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Low-carb food list....

Discussion in 'Newly Diagnosed' started by Sue192, Nov 8, 2017.

  1. Sue192

    Sue192 Type 2 · Member

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    Hello all - I was diagnosed T2 back in September and found this website via Dr David Cavan's excellent book. My blood tests showed, in the words of my doctor, "brilliant cholesterol and spot-on blood pressure but you have diabetes. Let's see what you can do with diet and exercise and we'll re-test in December". And that was it. No mention of levels/testing. I found his somewhat laid-back approach fine for me but would have stumbled about a bit without the book and the Forum. So off I go exploring, and found in one post a very useful list of low-carb foods. Of course I can't find it now! I would be very grateful if someone could point me to the right post. I think it was in a discussion about the Lidl protein rolls (a lifesaver!). And apologies if I should have posted this in another thread :banghead:
     
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  2. bulkbiker

    bulkbiker Type 2 · Well-Known Member

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  3. bulkbiker

    bulkbiker Type 2 · Well-Known Member

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    I would also recommend checking out www.dietdoctor.com
    which has loads of great free info and recipes.

    Oops just saw you were new so will tag in @daisy1 to give you the intro posting too..
    Hello and welcome
     
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  4. Mbaker

    Mbaker Type 2 · Well-Known Member

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    Hi Sue, great that 2 of the other possible concerns that usually go hand in hand with Type 2 you don't have to focus on. Type 2 is mainly manageable via the choices made. If you have specific questions plenty will provide informed responses.
     
  5. Guzzler

    Guzzler Type 2 · Well-Known Member

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    Hello there and welcome to the forum.
     
  6. Grateful

    Grateful Type 2 · Well-Known Member

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    Welcome @Sue192.

    You may find this hard to believe, but I think your doctor did you a favor. It sounds a bit similar to what my doc told me, except that he did specify low-carb diet, and he did say we would test again two months later to see whether I made progress. This worked brilliantly (see signature) but, yes, I had to self-educate myself about the topic.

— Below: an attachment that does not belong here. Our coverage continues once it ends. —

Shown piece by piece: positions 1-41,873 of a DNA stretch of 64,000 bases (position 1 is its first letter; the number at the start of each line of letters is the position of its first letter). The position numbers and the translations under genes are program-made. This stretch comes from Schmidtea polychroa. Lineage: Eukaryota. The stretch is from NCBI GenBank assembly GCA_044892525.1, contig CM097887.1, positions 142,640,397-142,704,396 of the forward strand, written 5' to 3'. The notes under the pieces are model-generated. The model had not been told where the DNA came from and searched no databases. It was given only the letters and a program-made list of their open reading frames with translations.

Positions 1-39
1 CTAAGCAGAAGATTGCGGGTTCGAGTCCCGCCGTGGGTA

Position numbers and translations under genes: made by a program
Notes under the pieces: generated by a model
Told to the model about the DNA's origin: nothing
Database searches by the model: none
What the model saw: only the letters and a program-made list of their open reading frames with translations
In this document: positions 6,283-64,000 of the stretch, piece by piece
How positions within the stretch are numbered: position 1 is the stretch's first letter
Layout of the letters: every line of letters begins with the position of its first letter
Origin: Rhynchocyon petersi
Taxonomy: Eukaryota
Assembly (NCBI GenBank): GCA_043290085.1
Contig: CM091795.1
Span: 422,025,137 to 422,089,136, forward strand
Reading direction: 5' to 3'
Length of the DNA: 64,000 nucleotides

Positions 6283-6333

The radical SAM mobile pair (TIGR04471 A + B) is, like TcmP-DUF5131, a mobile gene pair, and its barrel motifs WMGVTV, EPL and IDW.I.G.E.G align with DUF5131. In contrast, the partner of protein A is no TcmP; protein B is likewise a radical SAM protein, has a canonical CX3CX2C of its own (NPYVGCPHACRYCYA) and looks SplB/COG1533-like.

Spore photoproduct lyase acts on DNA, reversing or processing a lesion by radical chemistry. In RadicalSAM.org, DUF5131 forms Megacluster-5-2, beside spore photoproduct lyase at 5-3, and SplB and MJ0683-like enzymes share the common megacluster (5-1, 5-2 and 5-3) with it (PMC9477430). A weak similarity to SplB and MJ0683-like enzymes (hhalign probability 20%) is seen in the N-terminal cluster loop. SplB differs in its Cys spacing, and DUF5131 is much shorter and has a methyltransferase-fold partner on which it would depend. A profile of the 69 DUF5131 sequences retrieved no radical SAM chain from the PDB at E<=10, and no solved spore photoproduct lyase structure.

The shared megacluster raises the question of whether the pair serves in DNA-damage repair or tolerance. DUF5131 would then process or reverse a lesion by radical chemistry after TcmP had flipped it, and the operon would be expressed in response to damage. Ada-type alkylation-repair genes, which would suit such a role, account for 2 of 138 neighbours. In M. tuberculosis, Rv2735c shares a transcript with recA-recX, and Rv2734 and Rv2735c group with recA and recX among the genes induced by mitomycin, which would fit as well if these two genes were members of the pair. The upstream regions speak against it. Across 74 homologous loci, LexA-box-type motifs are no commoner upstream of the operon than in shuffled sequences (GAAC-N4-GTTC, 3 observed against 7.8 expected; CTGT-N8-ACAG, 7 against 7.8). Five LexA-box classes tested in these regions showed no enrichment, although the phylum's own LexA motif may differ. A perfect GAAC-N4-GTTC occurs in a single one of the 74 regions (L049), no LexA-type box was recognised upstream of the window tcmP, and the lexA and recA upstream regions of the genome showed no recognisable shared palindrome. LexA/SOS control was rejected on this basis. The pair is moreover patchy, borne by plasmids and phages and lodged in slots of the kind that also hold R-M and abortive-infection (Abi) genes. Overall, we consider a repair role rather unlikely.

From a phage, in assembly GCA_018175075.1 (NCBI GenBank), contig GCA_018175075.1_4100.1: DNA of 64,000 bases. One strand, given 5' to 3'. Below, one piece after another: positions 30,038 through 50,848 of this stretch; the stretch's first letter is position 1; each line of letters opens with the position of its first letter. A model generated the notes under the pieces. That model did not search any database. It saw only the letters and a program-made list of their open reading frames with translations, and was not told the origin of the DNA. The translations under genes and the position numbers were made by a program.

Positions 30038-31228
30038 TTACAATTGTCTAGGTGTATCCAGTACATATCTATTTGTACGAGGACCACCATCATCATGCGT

If your medical history permits it, this is far better than being given a dogmatic "eatwell plate" and being put on pills immediately, as apparently happens to quite a few people. I know being diagnosed with diabetes will be a big shock to you, but there is a small silver lining in having a doctor with the attitude you described.
     
  7. Wshelledy

    Wshelledy Type 2 · Well-Known Member

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    The only way to know what YOUR body can tolerate is to get a meter, test pre meal and 2 hrs post meal AND to log what you eat. Everyone's body is different. For example I can eat a small sweet potato with only a small jump in bg but not legumes which cause me over a 40 pt jump. I can tell you which low carb things work for me but that may not be true for you. Here are my 'carb' foods: cauliflower, broccoli, cabbage, spaghetti squash, spinach, cucumber, green pepper, romain lettuce, kale, sweet potato, onion, avocado, almonds, walnuts, specific brands of jerky, 'bread' (made with almond flour and flax), and cheese. I eat almost no fruit as they all have sugars. Occasionally I eat some berries or half an apple. I eat almost no grains except occasionally a small amout of corn meal. That means no bread made from wheat, or pasta. I have one 'bread' recipe that calls for 1/4 c of oat flour but the net carbs are 4 g per slice so it works for me. Hope this helps. It may seem daunting at first but its possible to live a full, happy life. Doing the lchf diet along with exercise I was able to drop my Hba1c from 11.9 to 7.3 in 6 weeks. Then in an additional 4 weeks down to 6.1. If I can do it so can you!
     
  8. ringi

    ringi Type 2 · Well-Known Member

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    If you want it all in a book, two good options are "The Pioppi Diet" or "A New Atkins for a New You".

    The "key" to making low carb work, seems to be to cook all your own food, and give up on ready meals and fast food. Avoid grains, bread, rice, pasta, sugar, fruit juice, potatoes, breakfast cereal and you will not go far wrong.

    Exercise:
    A 10-minute walk after a meal reduces BG, otherwise, resistance training and HITT have the most benefits, but diet is much more important than exercise.
     
  9. Sue192

    Sue192 Type 2 · Member

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    Thank you everyone for your welcomes, replies and good advice. Yes, bulkbiker, that's the one - thank you! Grateful - I agree with you, for me my GP has the right attitude and it's worked. Reading everyone's stats is such an encouragement, and my doc also mentioned the benefits of a good walk. It seems that he's a pretty good gp to have, in comparison to others.....
     
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